An infographic showing who is suing whom and who is selling patents to whom shows that patents are indeed a source of much friction and the only likely winners are the lawyers.
When the jury in the Oracle v Google trial determined last week that Google hadn't infringed Oracle's patents, it seemed like a triumph for common sense. However, many other battles concerning software and hardware patents are still raging on
Selling patents is a highly lucrative strategy if you are downsizing or going out of business. It's also something that a company might be forced to do during bankruptcy proceedings. This is what happened last year to Nortel leading to the auction at which Google famously bid Pi but was outbid by a group of six companies - Apple, Microsoft, RIM, EMC, Ericsson and Sony - which paid $4.5 billion in their determination to keep the large and important portfolio of technology patents out of Google's control.
Less than six week's later, in a move that few saw coming Google bought Motorola Mobility, thereby acquiring an even larger number of patents. It's rationale at the time was "to better protect Android from anti-competitive threats from Microsoft, Apple and other companies" but the fact of the matter is that its purchase led it into, rather than out of trouble as Microsoft was already suing Motorola over several patents. The first one to affect Google, regarding infringement of a Microsoft patent which allows long text messages to be divided into parts and then reassembled by receiving handsets, was upheld by a German court last week. This could lead to a German sales ban of Motorola products, although Microsoft has signalled it would prefer a licence fee.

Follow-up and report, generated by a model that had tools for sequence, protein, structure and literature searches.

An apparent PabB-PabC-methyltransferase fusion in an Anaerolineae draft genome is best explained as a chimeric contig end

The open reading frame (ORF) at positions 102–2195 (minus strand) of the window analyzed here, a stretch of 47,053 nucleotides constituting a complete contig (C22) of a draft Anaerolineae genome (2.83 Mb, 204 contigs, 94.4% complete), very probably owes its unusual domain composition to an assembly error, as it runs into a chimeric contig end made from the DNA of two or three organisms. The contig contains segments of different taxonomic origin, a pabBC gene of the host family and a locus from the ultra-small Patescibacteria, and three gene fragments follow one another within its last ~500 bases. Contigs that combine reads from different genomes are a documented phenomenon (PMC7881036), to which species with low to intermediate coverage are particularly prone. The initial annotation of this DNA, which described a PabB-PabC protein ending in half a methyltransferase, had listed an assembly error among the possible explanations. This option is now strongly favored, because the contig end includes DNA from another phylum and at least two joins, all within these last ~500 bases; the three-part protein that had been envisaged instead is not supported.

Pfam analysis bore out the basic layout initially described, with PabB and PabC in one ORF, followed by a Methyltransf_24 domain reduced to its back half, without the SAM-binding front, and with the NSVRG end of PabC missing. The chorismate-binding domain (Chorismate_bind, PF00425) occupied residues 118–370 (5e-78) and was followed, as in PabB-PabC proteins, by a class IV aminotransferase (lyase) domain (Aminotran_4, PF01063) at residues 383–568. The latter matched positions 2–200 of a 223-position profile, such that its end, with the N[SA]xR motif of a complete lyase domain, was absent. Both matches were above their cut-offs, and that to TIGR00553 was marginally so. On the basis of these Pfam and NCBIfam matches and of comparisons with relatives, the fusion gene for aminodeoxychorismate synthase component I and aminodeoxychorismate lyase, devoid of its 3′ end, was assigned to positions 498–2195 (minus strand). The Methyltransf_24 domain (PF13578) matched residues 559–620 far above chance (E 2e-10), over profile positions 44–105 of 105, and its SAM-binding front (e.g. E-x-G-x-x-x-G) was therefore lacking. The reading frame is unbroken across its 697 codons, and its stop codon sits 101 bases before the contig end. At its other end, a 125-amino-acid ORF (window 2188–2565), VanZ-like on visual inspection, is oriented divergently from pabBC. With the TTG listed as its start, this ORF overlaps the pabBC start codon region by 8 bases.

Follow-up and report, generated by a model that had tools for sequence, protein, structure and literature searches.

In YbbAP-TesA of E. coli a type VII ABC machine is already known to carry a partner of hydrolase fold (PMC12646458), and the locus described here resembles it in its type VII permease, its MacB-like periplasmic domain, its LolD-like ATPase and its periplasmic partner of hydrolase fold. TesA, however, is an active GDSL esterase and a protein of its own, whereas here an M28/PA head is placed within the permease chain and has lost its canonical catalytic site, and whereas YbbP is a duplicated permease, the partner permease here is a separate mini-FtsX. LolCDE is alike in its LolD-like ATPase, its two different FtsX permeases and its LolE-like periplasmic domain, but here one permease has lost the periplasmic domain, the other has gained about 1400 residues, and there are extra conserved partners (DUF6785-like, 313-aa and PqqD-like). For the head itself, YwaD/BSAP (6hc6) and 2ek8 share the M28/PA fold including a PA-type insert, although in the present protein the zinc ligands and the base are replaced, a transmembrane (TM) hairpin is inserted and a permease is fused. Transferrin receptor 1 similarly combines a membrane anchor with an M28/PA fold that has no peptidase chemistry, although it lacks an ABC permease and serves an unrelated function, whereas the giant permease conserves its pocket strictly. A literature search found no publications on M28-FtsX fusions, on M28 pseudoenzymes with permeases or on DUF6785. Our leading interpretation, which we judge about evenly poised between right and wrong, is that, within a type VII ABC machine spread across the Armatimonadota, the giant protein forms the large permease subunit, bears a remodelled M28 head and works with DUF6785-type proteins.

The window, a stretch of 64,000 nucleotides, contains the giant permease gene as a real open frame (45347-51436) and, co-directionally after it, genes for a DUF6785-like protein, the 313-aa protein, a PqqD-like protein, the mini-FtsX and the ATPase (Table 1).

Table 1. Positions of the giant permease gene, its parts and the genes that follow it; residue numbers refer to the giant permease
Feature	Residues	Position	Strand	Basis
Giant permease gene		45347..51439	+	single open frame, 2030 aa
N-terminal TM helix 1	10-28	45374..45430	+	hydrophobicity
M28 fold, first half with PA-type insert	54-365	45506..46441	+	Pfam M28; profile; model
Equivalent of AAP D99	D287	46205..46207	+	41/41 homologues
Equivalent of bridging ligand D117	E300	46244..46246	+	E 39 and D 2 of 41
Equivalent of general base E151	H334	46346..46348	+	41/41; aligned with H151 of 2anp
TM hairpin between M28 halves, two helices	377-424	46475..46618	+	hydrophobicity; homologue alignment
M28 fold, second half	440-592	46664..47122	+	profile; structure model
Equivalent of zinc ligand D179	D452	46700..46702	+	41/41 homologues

Earlier this month Motorola won the right to order the recall and destruction of Xbox 360 games consoles and Windows 7 system software in Germany. Then a judge at the International Trade Commission recommended there should be an Xbox import and sales ban in the US but another judge ordered Motorola to hold off from enforcing any such bans until it ruled on a related complaint.
In another patent dispute this month the ITC found in Microsoft's favour, ruling that Motorola's Android-based devices infringed an appointment scheduling patent owned by the Microsoft. Prior to this Microsoft had already forced Samsung, HTC and others to pay it for the use of Microsoft innovations inside Android.
What should you do when you are sued - well one response is to counter sue and there are lots of "tit-for-tat" claims shown on this infographic. The "eye-for-an-eye" ones are those with a hollow circle - and it is Apple that seems to provoke most of them. Indeed Apple is the most litigious organization in this chart, with five outgoing suits and five that it is defending.
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